These Animals Went Extinct in 2018
In the rush of our busy lives in a civilized society, sometime we forget that we share this planet with other life as well, such as the numerous animals scattered across the world.
But according to a report from the Weather Network, the animal population has shrunk a little as of 2018 as a number of species officially went extinct.
Scientists announced in 2018 three bird species vanished from the Earth for good, and more species on the brink could disappear forever in 2019.
According to the Centre of Biological Diversity, scientists are estimating that the Earth is now losing species at 1,000 to 10,000 times the background rate of about one to five species per year.
“Our planet is now in the midst of its sixth mass extinction of plants and animals -- the sixth wave of extinctions in the past half-billion years,” the center stated. “We’re currently experiencing the worst spate of species die-offs since the loss of the dinosaurs 65 million years ago.”
Here's the list of those animals that were lost in 2018, and those on the brink in 2019.
Po’ouliAccording to BirdLife International, this bird species native to Hawaii has been listed as critically endangered / extinct because, of the three known individuals in 1998, one died in captivity in 2004 and the remaining two individuals have not been seen since that time.
A pair of Brazilian songbirds, they confined to two sites containing extremely small and fragmented patches of forest left due to deforestation.
There have been no confirmed sightings since 2007 and 2011, according to Birdlife International.
The last sighting of the Cryptic Treehunter was in 2007, while the Alagoas Foliage-gleaner was last seen in 2011.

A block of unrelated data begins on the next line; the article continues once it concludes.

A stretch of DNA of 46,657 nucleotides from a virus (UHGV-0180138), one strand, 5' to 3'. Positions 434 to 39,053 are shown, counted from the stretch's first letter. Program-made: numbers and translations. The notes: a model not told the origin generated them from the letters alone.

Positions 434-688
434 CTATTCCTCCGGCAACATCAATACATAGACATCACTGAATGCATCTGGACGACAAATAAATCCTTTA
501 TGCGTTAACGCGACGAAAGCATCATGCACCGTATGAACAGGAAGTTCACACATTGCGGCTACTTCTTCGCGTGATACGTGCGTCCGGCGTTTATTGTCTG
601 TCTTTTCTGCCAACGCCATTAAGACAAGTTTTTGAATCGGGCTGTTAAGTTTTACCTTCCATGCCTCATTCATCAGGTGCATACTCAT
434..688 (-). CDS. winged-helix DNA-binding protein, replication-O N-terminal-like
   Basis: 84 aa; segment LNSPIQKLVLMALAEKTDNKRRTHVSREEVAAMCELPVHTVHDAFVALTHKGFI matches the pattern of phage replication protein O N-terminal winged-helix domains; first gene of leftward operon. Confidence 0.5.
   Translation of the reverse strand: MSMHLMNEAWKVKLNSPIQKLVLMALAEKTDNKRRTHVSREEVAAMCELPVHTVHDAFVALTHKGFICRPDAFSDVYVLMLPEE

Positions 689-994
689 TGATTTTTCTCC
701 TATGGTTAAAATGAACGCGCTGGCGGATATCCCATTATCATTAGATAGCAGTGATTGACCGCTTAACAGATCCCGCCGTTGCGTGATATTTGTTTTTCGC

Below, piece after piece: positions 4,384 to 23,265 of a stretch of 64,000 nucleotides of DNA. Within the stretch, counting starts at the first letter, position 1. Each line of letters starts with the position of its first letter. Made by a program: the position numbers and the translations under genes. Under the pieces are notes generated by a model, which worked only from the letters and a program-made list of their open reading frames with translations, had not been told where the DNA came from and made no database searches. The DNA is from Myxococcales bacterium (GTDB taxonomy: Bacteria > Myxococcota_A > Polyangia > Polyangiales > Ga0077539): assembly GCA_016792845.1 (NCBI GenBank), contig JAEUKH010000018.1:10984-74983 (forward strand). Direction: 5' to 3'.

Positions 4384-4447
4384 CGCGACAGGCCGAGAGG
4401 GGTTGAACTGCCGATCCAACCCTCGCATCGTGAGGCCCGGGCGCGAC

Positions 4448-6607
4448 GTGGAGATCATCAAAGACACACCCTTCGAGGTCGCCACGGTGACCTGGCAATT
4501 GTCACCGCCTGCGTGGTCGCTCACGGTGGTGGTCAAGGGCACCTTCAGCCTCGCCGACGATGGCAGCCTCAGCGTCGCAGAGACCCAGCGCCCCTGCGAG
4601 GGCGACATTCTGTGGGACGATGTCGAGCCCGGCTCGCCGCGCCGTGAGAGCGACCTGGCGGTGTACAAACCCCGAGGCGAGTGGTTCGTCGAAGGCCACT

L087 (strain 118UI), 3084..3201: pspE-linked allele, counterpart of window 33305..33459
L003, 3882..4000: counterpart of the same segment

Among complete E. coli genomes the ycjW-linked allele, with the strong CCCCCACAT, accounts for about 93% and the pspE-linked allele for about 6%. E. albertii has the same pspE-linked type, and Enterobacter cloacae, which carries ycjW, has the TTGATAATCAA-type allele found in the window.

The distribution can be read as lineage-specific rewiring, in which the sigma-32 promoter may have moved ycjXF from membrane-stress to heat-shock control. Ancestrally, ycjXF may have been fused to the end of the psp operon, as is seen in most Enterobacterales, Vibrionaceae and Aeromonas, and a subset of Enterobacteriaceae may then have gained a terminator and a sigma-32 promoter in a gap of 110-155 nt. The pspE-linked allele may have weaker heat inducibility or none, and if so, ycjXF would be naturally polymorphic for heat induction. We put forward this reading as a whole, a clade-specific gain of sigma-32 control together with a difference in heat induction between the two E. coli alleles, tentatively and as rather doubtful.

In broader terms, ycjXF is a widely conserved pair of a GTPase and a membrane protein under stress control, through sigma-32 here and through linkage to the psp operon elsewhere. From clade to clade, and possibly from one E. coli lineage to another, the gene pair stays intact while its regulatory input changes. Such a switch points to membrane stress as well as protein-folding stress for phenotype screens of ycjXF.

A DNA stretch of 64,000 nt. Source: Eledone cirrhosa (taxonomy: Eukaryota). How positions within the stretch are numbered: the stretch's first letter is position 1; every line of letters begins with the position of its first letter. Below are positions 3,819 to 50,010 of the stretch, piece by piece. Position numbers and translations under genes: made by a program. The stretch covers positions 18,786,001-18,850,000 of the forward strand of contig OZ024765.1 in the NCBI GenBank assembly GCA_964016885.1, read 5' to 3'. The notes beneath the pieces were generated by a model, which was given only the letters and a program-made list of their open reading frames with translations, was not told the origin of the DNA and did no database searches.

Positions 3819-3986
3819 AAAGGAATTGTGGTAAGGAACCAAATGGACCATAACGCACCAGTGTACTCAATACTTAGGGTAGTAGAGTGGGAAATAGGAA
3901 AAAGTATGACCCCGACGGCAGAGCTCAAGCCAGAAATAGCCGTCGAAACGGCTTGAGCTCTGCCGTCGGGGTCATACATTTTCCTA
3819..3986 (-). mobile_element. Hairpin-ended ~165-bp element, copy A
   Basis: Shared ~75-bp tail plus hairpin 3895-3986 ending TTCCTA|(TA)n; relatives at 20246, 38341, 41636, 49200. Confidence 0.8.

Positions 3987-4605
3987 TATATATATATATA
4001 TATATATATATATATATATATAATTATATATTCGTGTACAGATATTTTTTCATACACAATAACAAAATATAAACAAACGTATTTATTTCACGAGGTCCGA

Spix’s MacawThe Spix’s Macaw, a blue parrot native to Brazil and known for its onscreen role in the animated movie “Rio", is believed to have gone extinct in the wild, although an estimated 60 to 80 still live in captivity.
Meanwhile, these two following animals are on the danger of being on the brink of extinction in 2019, according to the Weather Network.
VaquitaA porpoise that was discovered in 1958, Vaquita are often caught and drowned in gillnets used by illegal fishing operations in marine protected areas within Mexico’s Gulf of California. The population has dropped drastically in the last few years, according to the World Wildlife Fund.
As of March 2018, there are only two rhinos of the northern white rhino left, both of which are female. They live in the Ol Pejeta Conservancy in Kenya and are protected round-the-clock by armed guards.
Their near extinction is due to decades of rampant poaching for rhino horn, according to WWF.
What do you think of these developments regarding species dying off?
- 11-year-old from Brampton hoping to win this season’s grand prize for America’s Got Talent
- Two Brampton man face charges after woman is struck by car
- Police investigating robbery at gunpoint in Brampton
- COVID-19 hits more schools amid growing fears of pandemic’s second wave
- Peel District schools in Brampton with reported cases of COVID-19 – September 22